“There is a good atmosphere in the squad and a sense of togetherness that is very important. The key to this sense of unity is the fact that this has been a generation of players for whom hard work and discipline are the norm. There are no superstars who set themselves apart and create dissension. The players work together and move forward together,” added team manager Bargaunas, a former international referee.
A number of foreign-born players have helped strengthen areas where Romania have traditionally been weak.
"The first was Otar Turashvili, who was born in Georgia and qualified to play for Romania several years ago," backs coach Eugen Apjoc pointed out."He has since become a feature of the starting Romanian front row. South-African born Randall Morrison and New Zealander Michael Wiringi have already made their debut for Romania in the Nations Cup and Johannes van Herden and Paula Kinikinilau will join the squad later on in the summer. They come from different cultural and rugby backgrounds and definitely will add value to the group."
Forwards coach Marius Tincu (pictured), who captained his country in the RWC 2011, pointed out that incremental progress was noticeable during the last three years and that the selection of the eligible foreign players has made a valuable contribution, to help refresh the somewhat stale environment of the national team.
“Some traditionalists consider the selection of foreign-born players a negative aspect, but I disagree," he said. "An injection of rugby know-how and traditions from other rugby cultures it is very good for Romanian rugby. The traditional Romanian game is based on physical contact. The players from New Zealand think and approach the game differently; those from South Africa are more physical than us, while the Polynesian players add instinct and finesse to a natural game. So we absorb all this and it should help up improve,” Tincu added.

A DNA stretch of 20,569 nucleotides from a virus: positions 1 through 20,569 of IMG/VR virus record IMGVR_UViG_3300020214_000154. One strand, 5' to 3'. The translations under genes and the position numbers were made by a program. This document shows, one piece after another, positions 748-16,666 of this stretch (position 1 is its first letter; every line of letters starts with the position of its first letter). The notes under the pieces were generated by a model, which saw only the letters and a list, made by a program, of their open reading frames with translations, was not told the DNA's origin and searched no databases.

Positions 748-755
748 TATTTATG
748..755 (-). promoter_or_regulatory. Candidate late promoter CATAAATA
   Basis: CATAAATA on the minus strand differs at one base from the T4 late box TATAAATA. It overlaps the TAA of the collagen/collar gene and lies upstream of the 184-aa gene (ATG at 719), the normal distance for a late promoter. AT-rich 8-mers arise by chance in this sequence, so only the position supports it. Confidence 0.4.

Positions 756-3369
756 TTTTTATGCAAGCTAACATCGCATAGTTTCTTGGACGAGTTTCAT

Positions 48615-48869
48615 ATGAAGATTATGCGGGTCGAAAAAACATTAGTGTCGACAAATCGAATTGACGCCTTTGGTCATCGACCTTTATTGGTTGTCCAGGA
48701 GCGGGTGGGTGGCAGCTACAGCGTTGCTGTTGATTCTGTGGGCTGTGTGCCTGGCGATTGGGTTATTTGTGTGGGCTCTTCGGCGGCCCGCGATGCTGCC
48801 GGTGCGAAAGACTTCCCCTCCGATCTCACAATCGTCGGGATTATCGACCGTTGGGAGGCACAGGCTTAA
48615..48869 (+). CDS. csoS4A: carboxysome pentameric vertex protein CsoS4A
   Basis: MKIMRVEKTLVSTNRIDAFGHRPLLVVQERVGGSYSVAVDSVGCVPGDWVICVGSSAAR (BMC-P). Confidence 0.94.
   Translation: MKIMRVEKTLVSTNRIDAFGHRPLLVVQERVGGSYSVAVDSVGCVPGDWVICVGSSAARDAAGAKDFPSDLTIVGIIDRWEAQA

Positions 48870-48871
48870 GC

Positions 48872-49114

On the evidence available, the selection of New Zealand-born, Baia Mare-based Michael Wiringi is likely to be a Godsend for the Romanian back-play, deprived for so long of a playmaker of vision.
Wiringi, who has recovered from the serious leg injury, suffered two days after his 29th birthday last year, made a promising debut for Romania against the Jaguars and is likely to feature prominently in the RWC plans of coach Howells and his team. “I am delighted to have made my international debut. I have been waiting for this moment for three years and I am very pleased with the outcome,” said Wiringi after his side's 23-0 win against the Jaguars.
Looking ahead to RWC 2015 and Pool D fixtures with France, Ireland, Italy and Canada, Howells said: “To be honest, things are moving forward nicely and I hope that our preparations are not disrupted by injury. What is pleasing is that the players are aware of the huge amount of work in front of us and are prepared to put the work in. After the Namibia match we had a long meeting, when we discussed the plans for the RWC build-up and analysed the shortcomings revealed by the game: the contact area, the lineout, game awareness and attention to detail. You name it! It was a long meeting and some hard truths have been spelled out.
“I believe we are making progress and will be ready by the time RWC kicks off in England. We will announce the 38-strong RWC squad shortly after which we are taking a 10-day break. After that we will reconvene for a 10-day camp at Caile Gradistei in the mountains, where we will be joined by the players from France. From there on we will alternate camps with brief breaks, until August when we go on a short tour of England and Scotland, where we plan to play two matches. We will be back in the country at the beginning of September, when we play Tonga in our last match before we leave for London,” Howells added.